The Barrel / Settling Tank
Starting with the barrel itself, where the WVO is allowed to settle. A lid is important as you want to keep dust, insects and whatever else out of you oil, but it doesn't really have to be perfectly airtight. Upon upon a time I felt the need to vacuum seal my barrels, but experience has taught me this is unnecessary, so ignore the tap fitting you see on the lid in my photos. I don't make use of that any more.
My barrel was purchased from eBay. The last time I looked the guy selling these barrels had stopped tradining. Pity. They were actually recycled shipping containers, so that adds to the green value of what we're doing. However there are plenty of similar barels out there. Shop around!
My release tap is positioned approximated three-quarters of the way down the barrel. This allows all the impurities to settle below the level of the tap. However, I decided to incorporate a float feed mechanism.
The float feed ensures that the oil is not taken from the top of the tank but instead from approximately 1 inch below the surface. A small section of pipe was consequently soldered on to the tap to enable a hose to be attached between the float feed and the tap. Thus all the oil that comes out from the tap is neither from the surface or from the bottom of the tank.
I took a copper "T" fitting and drilled an 8mm hole in the top. Through this I inserted an M8 bolt and secured this in place with a nut. I then added a small length of 15mm copper piping to the T and soldered everything together, including the bolt.
The M8 bolt was the perfect size for a standard ball float (which I bought at Wickes for approx £1), so this simply screwed on the the bolt's thread giving it a secure fixing.
I connected a length of garden hose to the end of the float feed with a hose clip and connected the other end of the hose to the tap. This means that oil is removed from the settling tank from approximately 1 inch below the surface level which is, theoretically at least, where the cleanest oil resides. As the level of the oil drops, the float remains in an upright position and feeds the tap until the level of oil falls to the same level as the tap (approx three-quarters down the barrel). As the oil below the tap is likely to contain fats and impurities, this is ideal.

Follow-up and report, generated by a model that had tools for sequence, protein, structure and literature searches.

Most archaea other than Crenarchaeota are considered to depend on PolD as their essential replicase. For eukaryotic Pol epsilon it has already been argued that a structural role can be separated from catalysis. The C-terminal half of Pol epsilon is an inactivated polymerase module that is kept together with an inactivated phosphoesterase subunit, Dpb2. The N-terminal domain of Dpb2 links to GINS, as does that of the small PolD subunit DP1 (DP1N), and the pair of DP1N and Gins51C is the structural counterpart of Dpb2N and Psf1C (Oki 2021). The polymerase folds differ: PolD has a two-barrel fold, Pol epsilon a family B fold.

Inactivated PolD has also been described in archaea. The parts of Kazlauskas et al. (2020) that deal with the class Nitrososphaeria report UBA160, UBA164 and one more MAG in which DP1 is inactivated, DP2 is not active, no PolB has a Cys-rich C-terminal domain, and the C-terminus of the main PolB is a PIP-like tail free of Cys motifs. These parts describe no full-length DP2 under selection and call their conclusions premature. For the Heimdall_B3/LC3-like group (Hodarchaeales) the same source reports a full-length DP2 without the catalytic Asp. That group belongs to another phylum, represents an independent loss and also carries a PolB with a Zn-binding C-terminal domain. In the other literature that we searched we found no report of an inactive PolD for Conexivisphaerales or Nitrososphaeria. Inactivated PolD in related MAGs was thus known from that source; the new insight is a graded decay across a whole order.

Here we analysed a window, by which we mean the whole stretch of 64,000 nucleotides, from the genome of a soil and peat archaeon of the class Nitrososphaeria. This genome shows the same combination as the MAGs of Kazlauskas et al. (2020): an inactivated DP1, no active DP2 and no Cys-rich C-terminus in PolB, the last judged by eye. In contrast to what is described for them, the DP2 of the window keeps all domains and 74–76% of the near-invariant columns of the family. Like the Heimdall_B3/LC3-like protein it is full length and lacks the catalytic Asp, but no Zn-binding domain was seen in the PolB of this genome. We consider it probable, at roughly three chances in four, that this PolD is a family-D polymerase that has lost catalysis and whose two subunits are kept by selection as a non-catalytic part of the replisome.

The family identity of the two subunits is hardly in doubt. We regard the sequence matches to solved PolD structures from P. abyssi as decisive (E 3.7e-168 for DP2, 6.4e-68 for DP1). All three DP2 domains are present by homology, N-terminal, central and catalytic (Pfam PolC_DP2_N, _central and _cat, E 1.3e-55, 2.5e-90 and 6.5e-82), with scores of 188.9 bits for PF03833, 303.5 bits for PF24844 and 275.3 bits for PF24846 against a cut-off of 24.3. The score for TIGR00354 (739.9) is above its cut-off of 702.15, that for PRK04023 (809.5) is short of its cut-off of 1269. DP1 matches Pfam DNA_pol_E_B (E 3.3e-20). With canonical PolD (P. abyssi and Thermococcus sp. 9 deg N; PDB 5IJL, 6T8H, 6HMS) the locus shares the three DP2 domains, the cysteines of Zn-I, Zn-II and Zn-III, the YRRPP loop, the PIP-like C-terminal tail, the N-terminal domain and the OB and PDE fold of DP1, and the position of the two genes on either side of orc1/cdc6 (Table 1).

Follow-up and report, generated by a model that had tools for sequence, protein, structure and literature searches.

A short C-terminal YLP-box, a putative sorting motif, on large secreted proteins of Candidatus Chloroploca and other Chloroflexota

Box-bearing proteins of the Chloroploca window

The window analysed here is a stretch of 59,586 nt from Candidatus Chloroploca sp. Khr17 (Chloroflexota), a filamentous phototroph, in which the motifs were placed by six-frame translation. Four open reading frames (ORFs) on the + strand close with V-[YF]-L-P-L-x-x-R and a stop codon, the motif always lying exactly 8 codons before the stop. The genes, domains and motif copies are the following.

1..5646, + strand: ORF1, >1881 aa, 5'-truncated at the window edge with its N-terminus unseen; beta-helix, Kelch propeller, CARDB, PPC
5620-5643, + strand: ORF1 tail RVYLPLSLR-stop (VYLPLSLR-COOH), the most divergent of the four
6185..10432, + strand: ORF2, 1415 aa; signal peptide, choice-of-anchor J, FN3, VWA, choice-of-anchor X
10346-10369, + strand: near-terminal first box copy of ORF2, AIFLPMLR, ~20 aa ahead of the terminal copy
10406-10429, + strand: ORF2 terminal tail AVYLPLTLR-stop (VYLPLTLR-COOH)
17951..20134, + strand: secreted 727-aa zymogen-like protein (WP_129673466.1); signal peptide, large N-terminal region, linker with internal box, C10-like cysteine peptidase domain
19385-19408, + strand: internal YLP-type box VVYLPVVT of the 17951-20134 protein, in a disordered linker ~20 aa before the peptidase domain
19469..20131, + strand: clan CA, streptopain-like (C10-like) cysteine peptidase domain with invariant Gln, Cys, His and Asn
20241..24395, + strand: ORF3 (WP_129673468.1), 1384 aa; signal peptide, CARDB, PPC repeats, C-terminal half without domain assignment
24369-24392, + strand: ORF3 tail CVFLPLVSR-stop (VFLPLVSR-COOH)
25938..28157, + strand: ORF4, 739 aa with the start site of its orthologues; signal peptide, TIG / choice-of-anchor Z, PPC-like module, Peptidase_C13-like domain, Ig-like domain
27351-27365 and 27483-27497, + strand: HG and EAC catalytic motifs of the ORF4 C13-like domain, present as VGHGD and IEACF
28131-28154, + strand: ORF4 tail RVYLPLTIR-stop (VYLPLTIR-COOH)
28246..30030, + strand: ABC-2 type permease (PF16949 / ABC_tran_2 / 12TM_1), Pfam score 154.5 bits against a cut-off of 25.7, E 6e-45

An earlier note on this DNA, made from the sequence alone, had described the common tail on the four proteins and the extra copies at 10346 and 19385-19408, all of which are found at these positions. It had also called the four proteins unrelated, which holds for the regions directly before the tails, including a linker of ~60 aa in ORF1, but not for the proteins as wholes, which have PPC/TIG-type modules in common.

I made this using 22mm copper fittings. A tank connector was drilled into the bottom of the barrel and to this was connected to a 22mm pipe. At the end of this I placed a full bore release valve (remembering to make sure it was in the closed position). For added support I glued a block of wood and a pipe clip.
As stated earlier, I used to be fixated about the idea of vacuum sealing my barrels, but experience has taught me not to worry about such obsessations. However a good lid will keep out flies and dust and all manner of rubbish, so if your barrel comes with a lid, great. If not, I'd suggest making one. Open-top barrels invite disaster.
“You can never do a kindness too soon” - Ralph Waldo Emerson
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